1-2 Tbsp. oil for sauteeing — I use Extra Light Olive Oil (ELOO), not Extra Virgin which is too delicate)
1 cup semi-pearled farro
1 whole pomegranate (set aside half the seeds and juice the remaining half)
1/2 cup raw shelled pistachios (roughly chopped and toasted)
1 shallot (thinly sliced)
6 Tbsp. Extra Virgin Olive Oil (EVOO)
1 Tbsp. balsamic vinegar
1 sprig fresh mint (leaves cut into chiffonade)
salt and pepper to taste

- Cook farro in boiling, salted water until soft, but not mushy (about 20min), then drain and set aside.

- Prepare the pomegranate by quartering it with a knife and then working the seeds loose while holding the piecesunder water in a bowl. The seeds will sink while the pith floats for easier removal. Set aside half and juice the rest by pressing them with a spatula in a sieve set over a bowl. Use your hand or a piece of plastic wrap to guard against spraying juice.

- Dressing: To the pomegranate juice, add the shallot, EVOO, balsamic vinegar, half the mint, and salt and pepper to taste.

- Lamb: Season both sides with salt and pepper and cook to desired doneness in a hot saute pan with the ELOO. Rest on a cutting board while you finish the farro.

- Farro: While the lamb rests, combine the cooked farro, toasted pistachios and reserved pomegranate seeds with the dressing.

- Slice the lamb and serve atop a bed of farro using the remaining mint as a garnish.

Tuesday, December 4, 2007

OMFG!!! So gross!!!

OK, normally I wouldn't call a restaurant and ask to speak to a manager, then call Seamless Web to get a a refund and follow-up with a call to the NYC gov't to file an official complaint, but my food had a freakin' roach in it!!


I know there are two sides to this story:
1. It's New York City. A city whose buildings are practically built on a foundation of roaches. So one got into the food... It's not the first time and it's certainly not the last. So the restaurant didn't have a watchful eye tonight. It happens. No reason to go screaming bloody murder to the Department of Health.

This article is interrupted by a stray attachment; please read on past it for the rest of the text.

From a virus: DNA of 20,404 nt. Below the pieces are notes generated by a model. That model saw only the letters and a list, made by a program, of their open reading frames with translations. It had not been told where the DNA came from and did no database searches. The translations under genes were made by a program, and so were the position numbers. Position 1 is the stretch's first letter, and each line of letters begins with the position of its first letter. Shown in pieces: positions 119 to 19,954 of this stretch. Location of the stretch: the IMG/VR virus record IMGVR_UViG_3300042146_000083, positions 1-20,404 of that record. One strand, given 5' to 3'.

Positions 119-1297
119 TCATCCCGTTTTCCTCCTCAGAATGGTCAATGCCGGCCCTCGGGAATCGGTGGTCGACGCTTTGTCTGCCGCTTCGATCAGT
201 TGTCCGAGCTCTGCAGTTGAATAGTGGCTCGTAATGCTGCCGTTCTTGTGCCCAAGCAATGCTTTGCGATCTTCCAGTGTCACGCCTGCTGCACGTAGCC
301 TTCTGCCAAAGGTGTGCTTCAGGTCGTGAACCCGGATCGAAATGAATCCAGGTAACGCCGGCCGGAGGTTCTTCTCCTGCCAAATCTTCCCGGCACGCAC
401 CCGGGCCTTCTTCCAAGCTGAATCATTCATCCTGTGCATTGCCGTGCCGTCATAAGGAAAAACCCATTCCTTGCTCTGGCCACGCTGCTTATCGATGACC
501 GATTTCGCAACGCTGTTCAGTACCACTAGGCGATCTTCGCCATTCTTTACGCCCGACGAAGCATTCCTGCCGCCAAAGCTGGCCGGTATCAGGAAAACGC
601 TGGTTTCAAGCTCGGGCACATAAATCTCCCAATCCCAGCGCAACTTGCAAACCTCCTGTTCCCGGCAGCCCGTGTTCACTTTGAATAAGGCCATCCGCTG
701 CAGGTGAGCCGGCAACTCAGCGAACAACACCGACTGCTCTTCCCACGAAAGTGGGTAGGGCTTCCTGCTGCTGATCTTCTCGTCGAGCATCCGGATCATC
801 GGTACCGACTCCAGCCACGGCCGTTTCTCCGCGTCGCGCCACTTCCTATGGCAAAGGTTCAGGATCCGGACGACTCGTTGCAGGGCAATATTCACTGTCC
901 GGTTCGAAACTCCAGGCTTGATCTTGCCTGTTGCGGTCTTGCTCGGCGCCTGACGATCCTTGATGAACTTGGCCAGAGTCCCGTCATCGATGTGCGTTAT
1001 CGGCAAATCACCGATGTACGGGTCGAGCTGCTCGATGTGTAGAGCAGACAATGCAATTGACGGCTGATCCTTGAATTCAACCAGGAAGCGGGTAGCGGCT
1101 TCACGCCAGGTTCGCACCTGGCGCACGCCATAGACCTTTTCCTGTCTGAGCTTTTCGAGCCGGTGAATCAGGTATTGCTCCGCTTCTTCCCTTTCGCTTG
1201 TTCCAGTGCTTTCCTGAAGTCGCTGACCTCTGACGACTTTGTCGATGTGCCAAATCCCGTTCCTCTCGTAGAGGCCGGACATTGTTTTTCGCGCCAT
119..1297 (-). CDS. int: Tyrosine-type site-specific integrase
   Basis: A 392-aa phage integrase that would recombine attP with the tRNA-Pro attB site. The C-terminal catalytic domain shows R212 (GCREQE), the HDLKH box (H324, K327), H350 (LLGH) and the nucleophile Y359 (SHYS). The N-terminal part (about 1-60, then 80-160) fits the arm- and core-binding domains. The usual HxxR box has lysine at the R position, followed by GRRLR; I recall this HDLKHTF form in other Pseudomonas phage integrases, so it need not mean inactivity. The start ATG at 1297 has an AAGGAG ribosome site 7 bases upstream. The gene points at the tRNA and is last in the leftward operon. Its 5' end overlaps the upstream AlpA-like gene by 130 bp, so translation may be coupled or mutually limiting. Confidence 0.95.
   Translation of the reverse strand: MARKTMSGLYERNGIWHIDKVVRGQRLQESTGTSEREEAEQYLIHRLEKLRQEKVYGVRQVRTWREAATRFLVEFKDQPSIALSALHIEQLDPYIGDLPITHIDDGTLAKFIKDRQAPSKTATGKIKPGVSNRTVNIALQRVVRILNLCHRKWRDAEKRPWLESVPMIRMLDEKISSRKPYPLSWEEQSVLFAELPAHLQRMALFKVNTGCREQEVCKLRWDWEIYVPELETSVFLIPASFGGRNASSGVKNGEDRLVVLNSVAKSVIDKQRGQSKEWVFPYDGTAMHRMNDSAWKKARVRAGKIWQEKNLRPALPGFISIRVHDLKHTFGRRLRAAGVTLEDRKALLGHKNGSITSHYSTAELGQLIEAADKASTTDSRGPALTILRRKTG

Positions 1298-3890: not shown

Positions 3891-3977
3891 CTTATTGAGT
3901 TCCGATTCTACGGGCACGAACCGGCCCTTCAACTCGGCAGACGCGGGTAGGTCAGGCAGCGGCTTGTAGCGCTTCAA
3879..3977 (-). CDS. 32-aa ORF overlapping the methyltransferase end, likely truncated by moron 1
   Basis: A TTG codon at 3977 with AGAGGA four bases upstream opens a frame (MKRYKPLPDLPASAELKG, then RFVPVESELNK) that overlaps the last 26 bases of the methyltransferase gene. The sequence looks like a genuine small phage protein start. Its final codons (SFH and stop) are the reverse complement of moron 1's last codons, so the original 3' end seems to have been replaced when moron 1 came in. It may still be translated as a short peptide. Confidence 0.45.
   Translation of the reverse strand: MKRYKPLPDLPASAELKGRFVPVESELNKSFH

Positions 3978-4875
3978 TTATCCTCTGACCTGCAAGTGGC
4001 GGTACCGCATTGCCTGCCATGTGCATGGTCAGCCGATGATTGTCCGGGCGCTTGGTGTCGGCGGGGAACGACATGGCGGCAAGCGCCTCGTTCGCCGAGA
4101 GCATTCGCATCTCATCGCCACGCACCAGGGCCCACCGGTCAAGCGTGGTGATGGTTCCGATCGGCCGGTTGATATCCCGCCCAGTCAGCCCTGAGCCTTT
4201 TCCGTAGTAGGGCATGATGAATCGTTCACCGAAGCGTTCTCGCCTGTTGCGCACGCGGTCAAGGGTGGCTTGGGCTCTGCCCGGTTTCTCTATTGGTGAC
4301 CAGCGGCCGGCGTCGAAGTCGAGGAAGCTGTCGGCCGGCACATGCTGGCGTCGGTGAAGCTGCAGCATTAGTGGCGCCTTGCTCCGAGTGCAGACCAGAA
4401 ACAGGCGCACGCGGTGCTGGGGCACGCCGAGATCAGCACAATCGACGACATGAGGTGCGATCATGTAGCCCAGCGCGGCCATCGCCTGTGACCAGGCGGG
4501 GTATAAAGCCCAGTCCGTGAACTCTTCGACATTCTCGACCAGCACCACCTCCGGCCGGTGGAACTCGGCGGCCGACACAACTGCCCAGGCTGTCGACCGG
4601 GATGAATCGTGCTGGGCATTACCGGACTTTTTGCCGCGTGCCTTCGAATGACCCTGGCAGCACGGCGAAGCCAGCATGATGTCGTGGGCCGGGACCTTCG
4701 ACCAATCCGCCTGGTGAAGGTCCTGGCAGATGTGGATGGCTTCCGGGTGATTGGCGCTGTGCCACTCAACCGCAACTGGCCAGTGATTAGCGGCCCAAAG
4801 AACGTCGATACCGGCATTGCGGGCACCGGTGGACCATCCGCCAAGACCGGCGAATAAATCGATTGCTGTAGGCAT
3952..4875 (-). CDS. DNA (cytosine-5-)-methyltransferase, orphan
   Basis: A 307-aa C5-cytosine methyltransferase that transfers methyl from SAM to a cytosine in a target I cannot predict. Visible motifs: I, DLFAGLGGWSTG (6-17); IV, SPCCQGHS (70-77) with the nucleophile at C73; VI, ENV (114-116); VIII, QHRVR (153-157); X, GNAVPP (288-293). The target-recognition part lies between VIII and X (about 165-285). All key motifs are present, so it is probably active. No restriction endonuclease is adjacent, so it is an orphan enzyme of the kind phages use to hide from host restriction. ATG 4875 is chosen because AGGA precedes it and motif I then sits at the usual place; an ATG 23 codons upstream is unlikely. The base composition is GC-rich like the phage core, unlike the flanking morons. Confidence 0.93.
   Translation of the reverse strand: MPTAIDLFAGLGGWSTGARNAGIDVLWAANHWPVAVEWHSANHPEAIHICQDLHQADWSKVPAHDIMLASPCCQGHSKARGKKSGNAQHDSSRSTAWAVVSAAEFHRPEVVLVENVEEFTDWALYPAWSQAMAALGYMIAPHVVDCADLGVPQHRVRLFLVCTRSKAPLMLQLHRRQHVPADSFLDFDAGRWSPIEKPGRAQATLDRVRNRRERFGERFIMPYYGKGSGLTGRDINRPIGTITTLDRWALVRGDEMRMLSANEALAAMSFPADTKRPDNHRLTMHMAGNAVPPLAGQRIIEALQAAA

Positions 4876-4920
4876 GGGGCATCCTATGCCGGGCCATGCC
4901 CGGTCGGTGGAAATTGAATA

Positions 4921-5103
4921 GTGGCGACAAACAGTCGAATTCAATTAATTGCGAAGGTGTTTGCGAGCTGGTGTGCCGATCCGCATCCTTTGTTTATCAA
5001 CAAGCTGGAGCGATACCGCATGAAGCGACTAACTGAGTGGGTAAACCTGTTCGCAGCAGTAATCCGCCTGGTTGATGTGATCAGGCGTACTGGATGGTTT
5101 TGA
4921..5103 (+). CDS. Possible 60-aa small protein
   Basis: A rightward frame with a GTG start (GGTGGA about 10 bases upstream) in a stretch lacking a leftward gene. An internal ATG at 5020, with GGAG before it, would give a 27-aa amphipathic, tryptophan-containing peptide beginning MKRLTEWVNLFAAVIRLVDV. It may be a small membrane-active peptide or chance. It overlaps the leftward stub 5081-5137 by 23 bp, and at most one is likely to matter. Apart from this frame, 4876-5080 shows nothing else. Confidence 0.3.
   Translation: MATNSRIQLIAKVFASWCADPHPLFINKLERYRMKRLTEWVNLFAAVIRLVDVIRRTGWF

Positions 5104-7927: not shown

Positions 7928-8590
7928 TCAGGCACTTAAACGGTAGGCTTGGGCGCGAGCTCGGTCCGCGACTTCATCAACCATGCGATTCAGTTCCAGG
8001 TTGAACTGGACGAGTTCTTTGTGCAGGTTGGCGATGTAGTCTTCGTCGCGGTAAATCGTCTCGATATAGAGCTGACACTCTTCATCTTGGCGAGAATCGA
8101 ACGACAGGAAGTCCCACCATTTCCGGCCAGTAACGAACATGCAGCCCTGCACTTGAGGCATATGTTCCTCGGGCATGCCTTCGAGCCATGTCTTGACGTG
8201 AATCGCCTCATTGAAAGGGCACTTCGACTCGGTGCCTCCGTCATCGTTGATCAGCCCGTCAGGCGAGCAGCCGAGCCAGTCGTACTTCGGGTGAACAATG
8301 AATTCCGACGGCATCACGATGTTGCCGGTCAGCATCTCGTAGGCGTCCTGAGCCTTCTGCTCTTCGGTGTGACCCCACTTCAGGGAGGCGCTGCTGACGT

2. That's beyond revolting. There's no excuse and the restaurant should be immediately shut down for such gross negligence.
Granted, those are two extreme reactions, and most people's reactions would fall somewhere between the two, but tonight I was leaning toward option two and it was the manager's reaction to my phone call that pushed me over the edge.
FYI, the restaurant in question is Burritoville at 166 W 72nd St. in New York City.
I had ordered my dinner thrugh Seamless Web like I'd done on many other lazy nights when I either don't have actual food in the fridge or I'm just too lazy to cook. When the food arrived, I took a couple bites and decided that the jalepenos on my "unwrapped burrito" were too hot. Before I was able to pick them all off I saw the offending roach.
My first instinct was to take a photo. (Too many hours spent watching the various CSI and Law & Order franchises taught me to document the evidence.) Then I called the restaurant and asked to speak to the manager. I wasn't messing around!
I explained what I found and said I'd like a refund for the night's order, but the manager offered me a credit to use on my next visit. Honestly, did he really think I was going to eat there again!?!?! They served me a roach!! After explaining that to him (I shouldn't have needed to...) he said he'd do it, but he'd need proof. Fine. I have my photos. Where would you like me to send them? But hung up on me without giving me the address.
So I called Seamless Web. I figured that they'd perhaps honor my request for a refund (they did with no request for proof) and I wanted to file a complaint for the restaurant since a bug in their Website was not logging reviews properly. Score 1 for Seamless Web. Great customer service. I feel bad that they might have had to eat the cost of my meal instead of the restaurant, but they've made a loyal customer very happy. A lesson Burritoville could learn!
My next phone call was to the NYC gov't Department of Helath and Mental Health, the agency that is responsible for inspecting restaurants. I figured they should know. Normally, I wouldn't take his extra step if a restaurant was apologetic and left me with the impression that they actually cared, but the manager at this particular establishment pissed me off and then hung up on me. If you ask me, they deserve the extra scrutiny during their next inspection.
The gentleman who helped me was very polite and understading (not something you often get from government employees answering phones after hours). After he took my complaint and all my contact info to go along with it, he asked if there was anything else he could help me with. Jokingly I said, "Can you point me toward a clean restaurant?" I wasn't expecting an answer, but he gave one anyway. The Dept. of Health publishes online inspection results. Unfortunately, Burritoville wasn't listed, but I imagine they will be soonish (gov't never moves fast...).
Once I finally regained my appetite, I found I did have someting edible in the apartment: peanut butter and jelly sandwiches. But, unless you're a 7-year-old, they don't exactly fill you up like a meal or brown rice and black beans would... After a sandwich, I found some pesto sauce from the summer and some peas in the freezer. With some penne I found buried in the kitchen cabinets, it was much more satisfying than the sandwich!